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Top 20 Best Films of 2011: 10-1

2011 proved to be a particularly good year at the movies, beginning with the likes of the Coens’ True Grit, multiple Oscar winner The King’s Speech and Mark Wahlberg passion project The Fighter.

But some of the blockbusters also delivered, such as Rise of the Planet of the Apes, Cowboys & Aliens, Super 8 and Fast 5. As did year-end movies such as The Ides of March, Moneyball and Mission: Impossible – Ghost Protocol. But which – if any – of these films make our list of the top 20 best of the year?


10) Senna

What’s the story? A documentary chronicling the life and career of Brazilian racing legend Ayrton Senna.

Why so good? Asif Kapadia’s Senna is a remarkable documentary about a remarkable man. What’s more, it’s a film that transcends its subject matter to offer universal appeal to whoever sees it. Admittedly rose-tinted, the film exists to pay tribute to the colossal talent that was Formula One supremo Ayrton Senna and does so through meticulously constructed footage that allows the driver’s story to unfold through footage rather than talking head interviews.

Full review l Asif Kapadia interview l Where it’s showing

Blue Valentine

9) Blue Valentine

What’s the story? The film follows the fortunes of a contemporary married couple (played by Ryan Gosling and Michelle Williams), charting their evolution over a span of years by cross-cutting between time periods and showing how their initial happiness turns into heartbreak.

Why so good? These are tragically flawed characters, painfully real and we feel every emotion along the way. As such, Blue Valentine is seldom easy viewing, while its final shot is a true heartbreaker guaranteed to leave you emotionally shattered… It’s one of the most powerful, moving and tense films of the year, with tour-de-force performances from everyone concerned.

Full review l Ryan Gosling interview l Photo gallery l Where it’s showing


8) Bridesmaids:

What’s the story? Former cake shop owner Annie (Kristen Wiig) is asked to become the maid of honour at the forthcoming wedding of best friend Lillian (Maya Rudolph). But what begins as a daunting task is made all the more taxing by the presence of rival friend Helen (Rose Byrne), a well to do business woman who seems to be able to do everything right.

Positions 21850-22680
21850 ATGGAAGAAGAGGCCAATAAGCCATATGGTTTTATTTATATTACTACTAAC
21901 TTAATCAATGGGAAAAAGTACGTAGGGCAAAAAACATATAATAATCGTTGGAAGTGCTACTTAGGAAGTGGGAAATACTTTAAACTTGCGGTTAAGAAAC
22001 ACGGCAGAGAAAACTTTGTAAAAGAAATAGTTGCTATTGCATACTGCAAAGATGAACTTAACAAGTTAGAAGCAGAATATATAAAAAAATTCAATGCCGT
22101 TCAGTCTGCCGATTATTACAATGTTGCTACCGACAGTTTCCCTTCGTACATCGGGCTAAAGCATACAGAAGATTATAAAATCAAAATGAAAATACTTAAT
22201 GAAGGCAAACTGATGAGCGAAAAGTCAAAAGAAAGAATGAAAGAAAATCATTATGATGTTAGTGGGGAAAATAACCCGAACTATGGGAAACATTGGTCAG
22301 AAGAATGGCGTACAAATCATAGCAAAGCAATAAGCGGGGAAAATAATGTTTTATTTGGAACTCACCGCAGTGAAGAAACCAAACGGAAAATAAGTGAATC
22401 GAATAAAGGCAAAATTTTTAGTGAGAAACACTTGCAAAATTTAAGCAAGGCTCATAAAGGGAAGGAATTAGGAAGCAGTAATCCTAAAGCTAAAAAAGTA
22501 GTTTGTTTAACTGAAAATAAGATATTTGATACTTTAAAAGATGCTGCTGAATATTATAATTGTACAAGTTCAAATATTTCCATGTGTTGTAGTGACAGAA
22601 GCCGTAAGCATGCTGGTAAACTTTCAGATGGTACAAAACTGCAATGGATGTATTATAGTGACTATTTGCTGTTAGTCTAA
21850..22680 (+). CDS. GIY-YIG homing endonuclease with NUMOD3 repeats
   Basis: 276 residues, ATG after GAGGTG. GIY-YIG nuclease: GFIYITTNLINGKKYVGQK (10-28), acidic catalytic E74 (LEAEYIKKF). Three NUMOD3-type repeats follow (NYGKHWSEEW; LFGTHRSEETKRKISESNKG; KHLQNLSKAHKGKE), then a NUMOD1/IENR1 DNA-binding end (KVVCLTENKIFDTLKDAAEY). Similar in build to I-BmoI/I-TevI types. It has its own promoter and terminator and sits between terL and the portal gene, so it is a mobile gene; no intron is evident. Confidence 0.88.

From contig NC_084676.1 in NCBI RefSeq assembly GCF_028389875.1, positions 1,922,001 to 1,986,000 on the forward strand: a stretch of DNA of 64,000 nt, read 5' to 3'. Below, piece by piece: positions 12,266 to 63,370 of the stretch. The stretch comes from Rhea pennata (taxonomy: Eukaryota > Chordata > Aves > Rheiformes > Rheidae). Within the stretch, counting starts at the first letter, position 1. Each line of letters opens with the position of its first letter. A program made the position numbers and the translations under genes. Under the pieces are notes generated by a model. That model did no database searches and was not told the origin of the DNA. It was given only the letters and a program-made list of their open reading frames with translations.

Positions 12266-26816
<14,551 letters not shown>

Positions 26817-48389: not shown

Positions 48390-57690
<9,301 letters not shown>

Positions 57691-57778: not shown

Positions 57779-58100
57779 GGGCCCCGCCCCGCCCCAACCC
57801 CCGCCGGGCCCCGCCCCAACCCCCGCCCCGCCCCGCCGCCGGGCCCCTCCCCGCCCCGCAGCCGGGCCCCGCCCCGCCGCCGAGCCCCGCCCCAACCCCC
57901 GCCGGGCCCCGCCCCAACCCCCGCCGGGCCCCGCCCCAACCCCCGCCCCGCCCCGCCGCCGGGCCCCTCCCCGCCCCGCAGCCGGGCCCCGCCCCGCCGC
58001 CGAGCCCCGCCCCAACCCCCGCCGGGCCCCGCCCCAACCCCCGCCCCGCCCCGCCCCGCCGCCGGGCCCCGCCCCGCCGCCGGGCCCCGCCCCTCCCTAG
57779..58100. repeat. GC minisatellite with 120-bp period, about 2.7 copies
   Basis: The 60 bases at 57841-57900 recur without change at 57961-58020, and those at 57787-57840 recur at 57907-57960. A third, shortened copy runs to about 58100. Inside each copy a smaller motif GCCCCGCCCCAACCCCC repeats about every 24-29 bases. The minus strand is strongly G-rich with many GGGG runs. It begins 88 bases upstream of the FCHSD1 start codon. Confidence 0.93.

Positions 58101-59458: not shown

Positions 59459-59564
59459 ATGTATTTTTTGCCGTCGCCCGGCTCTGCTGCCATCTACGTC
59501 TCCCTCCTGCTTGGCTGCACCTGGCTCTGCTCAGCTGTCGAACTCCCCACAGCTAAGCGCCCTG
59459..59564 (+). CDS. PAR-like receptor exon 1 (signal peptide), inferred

Why so good? Is Bridesmaids the funniest film of the year? Quite possibly, yes. But it also has plenty more to recommend it. Paul Feig’s comedy, produced by Judd Apatow and co-written by Kirsten Wiig (with Annie Mumolo), is that rare beast among mainstream comedies: a film that will have you laughing hysterically at it’s vulgarity one minute, yet genuinely rooting for it’s characters throughout. What’s more, it’s a film that plays equally well to both sexes.

Full review l Kristen Wiig interview l Paul Feig interview l Chris O’Dowd interview l Where it’s showing


7) Warrior

What’s the story? Tommy and Brendan (played respectively by Tom Hardy and Joel Edgerton) are two brothers whose lives have come to depend on how far they can go in a mixed martial arts tournament. For the former, fighting represents a way to exorcise the many personal demons that bedevil him, the most recent of which extend to the Iraq war and a selfless act of heroism. Brendan, meanwhile, merely needs the cash to pay the bills, especially now that his fighting has landed him a suspension from his day job teaching.

Why so good? Sceptics might argue that Warrior really shouldn’t work as well as it does. But Gavin O’Connor’s mixed martial arts drama is a powerhouse piece of cinema that deserves to stand alongside The Fighter as an instant classic. For sure, the film relies on many genre conventions, including the underdog element, as well as feuding brothers and estranged fathers. But it does so with such rousing passion and energetic vigour that it’s flaws are easy to overlook.

Full review l Tom Hardy interview l Joel Edgerton interview l Photo gallery l Where it’s showing

The Fighter

6) The Fighter

What’s the story? The true story of the rise of boxer ‘Irish’ Micky Ward (Mark Wahlberg), who triumphed against many odds – including a dysfunctional (to say the least) family, self-doubt and a crack-addict brother/trainer (Christian Bale) – to become a welterweight boxing champion in the 1980s.

Why so good? Credit must go to Russell, too, for never over-doing the sentiment, as this rags-to-riches tale could have been ripe for over-sentimentalising and grand-standing Rocky-esque touches that sat uncomfortably alongside some of the more urban sequences. Hence, The Fighter fully earns the feelings of euphoric cheer that it does belatedly deliver as well as an intimacy and poignancy that enables the various family relationships (especially between Bale and Wahlberg) to touch the heart.

Full review l Mark Wahlberg interview l Christian Bale interview l Photo gallery l Where it’s showing

Crazy Stupid Love